Empty pistol with bullets

Is it Ever Against the Law to Carry a Firearm in TX?

By Jose Ceja
Managing Attorney

When people think of Texas they often think of amazing BBQ, big hair, the Alamo, and football as a way of life. But what many others often associate with Texas is its strong advocacy for the Second Amendment’s Right to Bear Arms. 

Whether it’s for hunting, target shooting, or protection; many residents of the Lone Star State have a license to carry weapons. But while guns are allowed in many places, there are specific situations in which it is still illegal to carry a firearm in Texas.

5 Situations Where Carrying a Firearm Is Illegal

1. Minors, Felons, and Those Convicted of Domestic Violence

Under the Texas Penal Code, you are prohibited from owning a gun if you:

  • Have been convicted of a felony
  • Are currently under a domestic violence restraining order
  • Are here under a non-immigrant visa
  • Were dishonorably discharged from the military
  • Are under the age of 18 (for rifles) or 21 (for handguns)

While it’s illegal for a minor to own a firearm, minors may still use firearms for hunting or protection. 

2. Gun-Free Zones

If you are in a gun-free zone, you may not carry your weapon – even though you have a license. Such zones are located at the following:

  • Public school property
  • Places of school activity
  • College campuses (that have established gun-free zones)
  • Government court buildings
  • Racetracks
  • Most bars
  • Polling places
  • Airports
  • Hospitals
  • Prisons
  • Businesses that bring in more than 50% of their income from selling alcohol
  • Businesses that have established gun-free zones

However, it should be noted that you could still carry your guns if you are in the process of going to or from your home. 

3. If You’re Intoxicated

There’s a reason why you aren’t allowed to carry your weapon within bars or businesses that derive more than half of their income from alcohol sales. It’s never a good idea to have a gun on you when you drink. Therefore if you are planning on drinking you may not carry a firearm. If you become intoxicated you are no longer permitted to carry your gun. 

If you are charged with a DUI, your sentence can greatly increase for also having a firearm on you at the time. 

4. Unlicensed (Depending on the Circumstances)

Generally speaking, you don’t need a permit to carry your weapons on your own property or in your own boat or car while traveling. However, if you are walking anywhere you cannot bring a firearm without first obtaining a license. To obtain a license you must be a state resident and pass a background check. However, even if you have a license to carry, you must still carry your weapon in a shoulder holster or belt – never in your hands. If you intentionally show your handgun while in a public area, you can be charged with unlawfully carrying a firearm. If you are on foot without a license, you can be charged with the same. 

5. If You’re a Member of a Criminal Gang

Under Texas law, you are also prohibited from carrying a firearm if you are suspected of being a member of a criminal gang. Even those who aren’t gang members can be charged if you are mistaken as one by police. You can be arrested for unlawfully carrying a weapon.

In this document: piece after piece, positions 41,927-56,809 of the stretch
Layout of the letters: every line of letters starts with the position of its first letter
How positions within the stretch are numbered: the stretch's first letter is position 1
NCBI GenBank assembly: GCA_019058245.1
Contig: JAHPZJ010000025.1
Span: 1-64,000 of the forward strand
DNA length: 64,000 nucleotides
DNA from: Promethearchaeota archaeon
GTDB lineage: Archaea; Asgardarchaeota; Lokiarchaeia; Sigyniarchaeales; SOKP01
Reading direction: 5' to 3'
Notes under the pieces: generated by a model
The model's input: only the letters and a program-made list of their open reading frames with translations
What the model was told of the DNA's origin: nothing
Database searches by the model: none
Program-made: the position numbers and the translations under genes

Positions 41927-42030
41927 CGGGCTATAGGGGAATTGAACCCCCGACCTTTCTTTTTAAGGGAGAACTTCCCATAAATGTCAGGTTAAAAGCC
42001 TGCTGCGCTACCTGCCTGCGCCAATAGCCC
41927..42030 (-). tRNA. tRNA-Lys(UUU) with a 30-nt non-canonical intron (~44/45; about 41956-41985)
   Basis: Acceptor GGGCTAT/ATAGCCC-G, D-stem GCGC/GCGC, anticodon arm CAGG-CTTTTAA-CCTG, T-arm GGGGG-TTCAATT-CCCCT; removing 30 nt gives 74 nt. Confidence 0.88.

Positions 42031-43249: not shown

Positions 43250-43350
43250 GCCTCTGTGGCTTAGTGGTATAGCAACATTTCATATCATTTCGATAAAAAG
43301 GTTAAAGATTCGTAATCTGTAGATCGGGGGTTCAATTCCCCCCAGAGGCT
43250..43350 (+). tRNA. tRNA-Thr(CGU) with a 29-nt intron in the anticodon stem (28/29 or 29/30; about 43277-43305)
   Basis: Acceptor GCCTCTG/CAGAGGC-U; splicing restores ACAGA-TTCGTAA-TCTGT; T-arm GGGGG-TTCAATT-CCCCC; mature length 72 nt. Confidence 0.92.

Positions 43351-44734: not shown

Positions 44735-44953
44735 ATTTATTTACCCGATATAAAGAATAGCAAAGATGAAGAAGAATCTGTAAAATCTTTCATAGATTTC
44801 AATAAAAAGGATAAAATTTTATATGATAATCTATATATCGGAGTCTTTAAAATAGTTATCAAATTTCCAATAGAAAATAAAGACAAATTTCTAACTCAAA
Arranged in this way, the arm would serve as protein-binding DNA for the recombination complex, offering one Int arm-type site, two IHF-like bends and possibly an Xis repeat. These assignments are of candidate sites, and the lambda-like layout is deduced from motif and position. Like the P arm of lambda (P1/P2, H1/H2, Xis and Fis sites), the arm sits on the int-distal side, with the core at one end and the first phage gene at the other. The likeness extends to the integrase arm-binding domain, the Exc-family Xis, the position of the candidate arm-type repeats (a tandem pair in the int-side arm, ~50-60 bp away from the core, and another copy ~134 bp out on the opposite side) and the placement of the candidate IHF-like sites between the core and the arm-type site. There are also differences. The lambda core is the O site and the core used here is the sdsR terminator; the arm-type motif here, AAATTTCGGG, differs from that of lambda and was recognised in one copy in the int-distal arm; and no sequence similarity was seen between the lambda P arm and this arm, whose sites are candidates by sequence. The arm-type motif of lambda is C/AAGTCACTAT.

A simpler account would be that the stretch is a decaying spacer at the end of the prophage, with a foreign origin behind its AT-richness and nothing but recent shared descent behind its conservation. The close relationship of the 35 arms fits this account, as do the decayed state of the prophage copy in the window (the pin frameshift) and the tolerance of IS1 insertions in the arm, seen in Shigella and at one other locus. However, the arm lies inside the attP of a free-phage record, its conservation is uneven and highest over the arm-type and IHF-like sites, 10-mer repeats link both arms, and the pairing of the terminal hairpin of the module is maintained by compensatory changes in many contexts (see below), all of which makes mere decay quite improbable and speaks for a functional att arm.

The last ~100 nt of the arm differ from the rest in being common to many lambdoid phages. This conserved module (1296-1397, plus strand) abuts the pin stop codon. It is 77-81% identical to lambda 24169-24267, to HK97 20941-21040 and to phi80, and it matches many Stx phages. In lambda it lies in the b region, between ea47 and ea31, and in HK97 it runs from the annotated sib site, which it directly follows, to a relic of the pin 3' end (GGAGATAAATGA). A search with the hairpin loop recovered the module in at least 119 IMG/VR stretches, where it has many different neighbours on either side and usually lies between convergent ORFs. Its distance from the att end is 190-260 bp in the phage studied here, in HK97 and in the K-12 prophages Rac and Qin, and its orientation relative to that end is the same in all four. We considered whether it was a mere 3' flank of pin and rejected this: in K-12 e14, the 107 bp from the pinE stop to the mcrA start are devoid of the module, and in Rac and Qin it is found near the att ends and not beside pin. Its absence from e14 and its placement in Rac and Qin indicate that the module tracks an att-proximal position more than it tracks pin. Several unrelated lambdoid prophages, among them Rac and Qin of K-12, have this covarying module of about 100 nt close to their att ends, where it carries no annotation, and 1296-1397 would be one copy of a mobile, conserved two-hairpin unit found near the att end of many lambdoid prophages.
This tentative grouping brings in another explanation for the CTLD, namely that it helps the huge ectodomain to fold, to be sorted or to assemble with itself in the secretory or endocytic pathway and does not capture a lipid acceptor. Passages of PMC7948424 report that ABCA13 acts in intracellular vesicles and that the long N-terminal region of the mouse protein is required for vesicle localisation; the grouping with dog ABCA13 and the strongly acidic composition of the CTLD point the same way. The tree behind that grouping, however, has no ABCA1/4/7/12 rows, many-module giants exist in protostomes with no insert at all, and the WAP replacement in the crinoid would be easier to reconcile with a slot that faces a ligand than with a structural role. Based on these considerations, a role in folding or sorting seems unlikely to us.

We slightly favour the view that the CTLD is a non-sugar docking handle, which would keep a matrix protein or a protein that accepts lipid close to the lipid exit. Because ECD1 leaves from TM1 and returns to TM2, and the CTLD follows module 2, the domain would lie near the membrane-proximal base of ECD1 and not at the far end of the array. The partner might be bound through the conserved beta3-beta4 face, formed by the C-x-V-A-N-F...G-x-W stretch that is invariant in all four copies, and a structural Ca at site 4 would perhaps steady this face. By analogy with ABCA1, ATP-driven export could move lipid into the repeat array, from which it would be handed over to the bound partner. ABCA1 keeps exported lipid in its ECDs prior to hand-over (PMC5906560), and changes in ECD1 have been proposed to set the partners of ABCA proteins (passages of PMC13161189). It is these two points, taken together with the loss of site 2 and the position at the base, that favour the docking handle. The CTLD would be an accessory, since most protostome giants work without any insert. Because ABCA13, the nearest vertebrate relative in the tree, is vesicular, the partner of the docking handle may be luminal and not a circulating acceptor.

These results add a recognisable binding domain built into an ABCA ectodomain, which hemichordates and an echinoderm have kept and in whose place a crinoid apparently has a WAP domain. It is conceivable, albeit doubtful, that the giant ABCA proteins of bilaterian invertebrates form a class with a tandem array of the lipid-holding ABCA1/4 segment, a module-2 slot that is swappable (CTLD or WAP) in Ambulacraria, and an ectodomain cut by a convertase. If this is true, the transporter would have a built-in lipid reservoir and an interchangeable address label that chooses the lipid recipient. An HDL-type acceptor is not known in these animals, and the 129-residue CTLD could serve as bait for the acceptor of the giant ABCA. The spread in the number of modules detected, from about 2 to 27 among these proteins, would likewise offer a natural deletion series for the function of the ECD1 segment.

So how do police determine if you are a member of a criminal gang? For you to be a member of a criminal gang, you would have to be a part of a group of at least three people who regularly commit criminal acts. Additionally, for a group to be considered a criminal gang you must have an identifiable leader as well as some type of sign, tattoo, logo, etc. 


Unlawfully carrying a weapon is considered a Class A misdemeanor in Texas. However, if you are carrying your firearm in an area that serves alcoholic beverages, your charge can be upgraded to a third-degree felony.

Penalties for Class A Misdemeanors:

  • Up to one year in jail
  • Fines of up to $4,000
  • Potential community service
  • Potential probation period

Penalties for Third-Degree Felonies include harsher penalties than the aforementioned, and you will be banned from lawfully purchasing or carrying a firearm again. 

The Attorneys at Ceja Law Firm Help Those in Houston Who Desire to Have Their Criminal Record Sealed

If you have been convicted of a crime in Texas but desire to have your record sealed, it is important to consult with a knowledgeable and experienced criminal law attorney.

At Ceja Law Firm PLLC, we understand the repercussions that a criminal conviction can have on your life. That’s why we will work to help you obtain the best possible outcome. To learn more or to schedule a free consultation, contact us today!

About the Author
Jose Ceja is the managing attorney of Ceja Law Firm. He has practiced law since 2007 and has devoted his career to the practice of criminal law. Mr. Ceja began his legal career as a felony drug prosecutor, where he prosecuted drug, gang, and violent offenses. Mr. Ceja has first or second chaired almost 100 trials, including murders, drug cases, DWIs, and assaults. In his career as a defense attorney, he has regularly obtained dismissals, not guilty verdicts, and grand jury “no bills” in a wide variety of cases.